Philip Tetlock is a professor at the University of Pennsylvania.  According To The New York Times:

Beginning in the 1980s, Tetlock examined 27,451 forecasts by 284 academics, pundits and other prognosticators. The study was complex, but the conclusion can be summarized simply: the experts bombed. Not only were they worse than statistical models, they could barely eke out a tie with the proverbial dart-throwing chimps.

The most generous conclusion Tetlock could draw was that some experts were less awful than others. Isaiah Berlin once quoted the Greek poet Archilochus to distinguish between two types of thinkers: “The fox knows many things, but the hedgehog knows one big thing.” Berlin admired both ways of thinking, but Tetlock borrowed the metaphor to account for why some experts fared better. The least accurate forecasters, he found, were hedgehogs: “thinkers who ‘know one big thing,’ aggressively extend the explanatory reach of that one big thing into new domains” and “display bristly impatience with those who ‘do not get it,’ ” he wrote. Better experts “look like foxes: thinkers who know many small things,” “are skeptical of grand schemes” and are “diffident about their own forecasting prowess.”  

This is relevant to me because recently I got an email from Tetlock accepting me as a member of The Good Judgement Project.   This is not entirely surprising to me.  I recall upwards of 6 months ago receiving an email from UPENN asking me to take a survey so that I could join some sort of forecasting project.  I was bored at the time and thought sure, why not.  The survey was interesting to me because as I recall the questions all revolved around not only predictions but my confidence in my own predictions.  There were also biographic/professional questions.

I find this interesting because one of the most grievous sins of an investor is to be over-confident in his own abilities to predict the unpredictable.  So, I hoped to be a part of this project, and, well, now I am.  The exact route I took to get here I am not sure about because I have over 50,000 unread emails in my inbox and when I searched on Tetlock and Good Judgement Project the only result is very recent things.  However, I do recall the initial queries from UPENN.  They must have been sent out by a research assistant.

So what exactly is the Good Judgement Project?  Good Question:

According to the homepage:

The Good Judgment Project is a four-year research study organized as part of a government-sponsored forecasting tournament. Thousands of people around the world predict global events.  Their collective forecasts are surprisingly accurate.

Cool.  So what government sponsored forecasting tournament is this?  According to Wikipedia it is a participant in the Aggregative Contingent Estimation program of the Intelligence Advanced Research Projects Activity (IARPA).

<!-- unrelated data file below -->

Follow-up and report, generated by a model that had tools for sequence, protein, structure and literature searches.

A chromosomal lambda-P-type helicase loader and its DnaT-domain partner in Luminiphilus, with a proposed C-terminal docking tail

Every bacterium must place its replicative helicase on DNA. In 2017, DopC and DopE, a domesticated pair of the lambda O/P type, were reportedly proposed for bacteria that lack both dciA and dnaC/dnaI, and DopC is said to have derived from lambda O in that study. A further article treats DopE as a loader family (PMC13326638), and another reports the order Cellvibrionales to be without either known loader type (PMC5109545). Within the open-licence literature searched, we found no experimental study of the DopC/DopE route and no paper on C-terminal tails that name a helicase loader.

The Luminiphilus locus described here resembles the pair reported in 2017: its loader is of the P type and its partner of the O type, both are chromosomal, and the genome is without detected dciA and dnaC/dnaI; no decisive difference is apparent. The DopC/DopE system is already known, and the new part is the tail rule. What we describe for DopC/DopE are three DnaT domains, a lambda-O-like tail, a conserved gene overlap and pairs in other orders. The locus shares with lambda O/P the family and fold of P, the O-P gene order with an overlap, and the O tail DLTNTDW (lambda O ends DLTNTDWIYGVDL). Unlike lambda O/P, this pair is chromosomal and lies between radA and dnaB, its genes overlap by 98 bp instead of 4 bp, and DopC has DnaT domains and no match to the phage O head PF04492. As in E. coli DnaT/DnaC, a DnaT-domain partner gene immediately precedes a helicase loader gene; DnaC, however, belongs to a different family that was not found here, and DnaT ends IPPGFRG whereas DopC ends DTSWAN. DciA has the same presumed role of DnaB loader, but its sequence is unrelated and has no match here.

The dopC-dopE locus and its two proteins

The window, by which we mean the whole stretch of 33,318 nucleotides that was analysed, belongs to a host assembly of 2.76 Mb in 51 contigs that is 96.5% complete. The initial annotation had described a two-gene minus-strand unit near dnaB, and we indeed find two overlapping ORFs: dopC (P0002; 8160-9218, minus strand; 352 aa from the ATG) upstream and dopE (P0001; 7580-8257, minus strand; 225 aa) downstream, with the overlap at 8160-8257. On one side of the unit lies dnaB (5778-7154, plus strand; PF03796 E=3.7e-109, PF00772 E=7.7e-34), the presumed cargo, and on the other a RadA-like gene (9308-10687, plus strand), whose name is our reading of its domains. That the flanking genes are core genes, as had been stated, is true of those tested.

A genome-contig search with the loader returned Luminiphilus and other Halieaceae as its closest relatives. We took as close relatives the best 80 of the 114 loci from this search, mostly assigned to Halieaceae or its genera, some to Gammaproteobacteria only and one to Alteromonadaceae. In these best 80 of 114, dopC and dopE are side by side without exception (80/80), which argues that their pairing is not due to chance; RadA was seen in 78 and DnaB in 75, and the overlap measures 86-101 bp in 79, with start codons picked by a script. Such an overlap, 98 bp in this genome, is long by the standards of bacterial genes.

The Intelligence Advanced Research Projects Activity (IARPA) is a United States research agency under the Director of National Intelligences responsibility. In January 2008, Lisa Porter, an administrator at NASA with experience at DARPA, was appointed director[1] of the activity formed in 2006 from the National Security AgencyDisruptive Technology Office (DTO), the National Geospatial-Intelligence Agency’s National Technology Alliance and the Central Intelligence Agency’s Intelligence Technology Innovation Center

OK great, so I am officially serving evil.  I wonder what would have happened  if this program was around in 2001 and the question Would our invading and bombing numerous countries in the middle east work out to increase or decrease regional stability and security? was asked.  Who knows?

So I will continue with the program to learn more.

The way it works is that a question is posed, and I am asked to give not a yes/no answer, but rather a percentage chance that the event will happen and then to explain my answer if I want to.  I am also supposed to select from some check boxes the source of my knowledge.  You do not have to make a forecast at all.

There were seven new questions today.  They were:

#1414: On 15 September 2014, will the Arctic sea ice extent be less than that of 15 September 2013?

#1410: Will an independence referendum *pass in Scotland?

#1415: Will there be a **lethal confrontation involving Russian **national military forces in Ukraine **before 1 October 2014?


#1409: Will a runoff be required in Brazils 2014 presidential election?

#1422: Will Islamic State (IS) fighters **attack a country other than Iraq or Syria **between 27 August 2014 and 15 October 2014?

#1412: Will the TOPIX Index close at or below 1200.00 **between 20 August 2014 and 31 October 2014?

#1418: Will Afghanistan sign a Bilateral Security Agreement with the United States **before 1 November 2014?

I dont have to answer right away, and I am sure that these guys want my prediction and not group ones from my blog.  But for now I will answer the sea ice extent question.  As I understand it sea ice extent is increasing year over year, even if the total volume of ice is decreasing (i.e. it is expanding but getting thinner).

I have strong feelings about the Russian clash in Ukraine question as well, but will hold off for a day.  In short, Ukraine is getting increasingly desperate and will provoke a clash in order to try to inflame the west.  By the way, why havent we heard the MH17 Air Traffic Control tapes yet?  Can you remember a single other airline disaster when they werent released within days?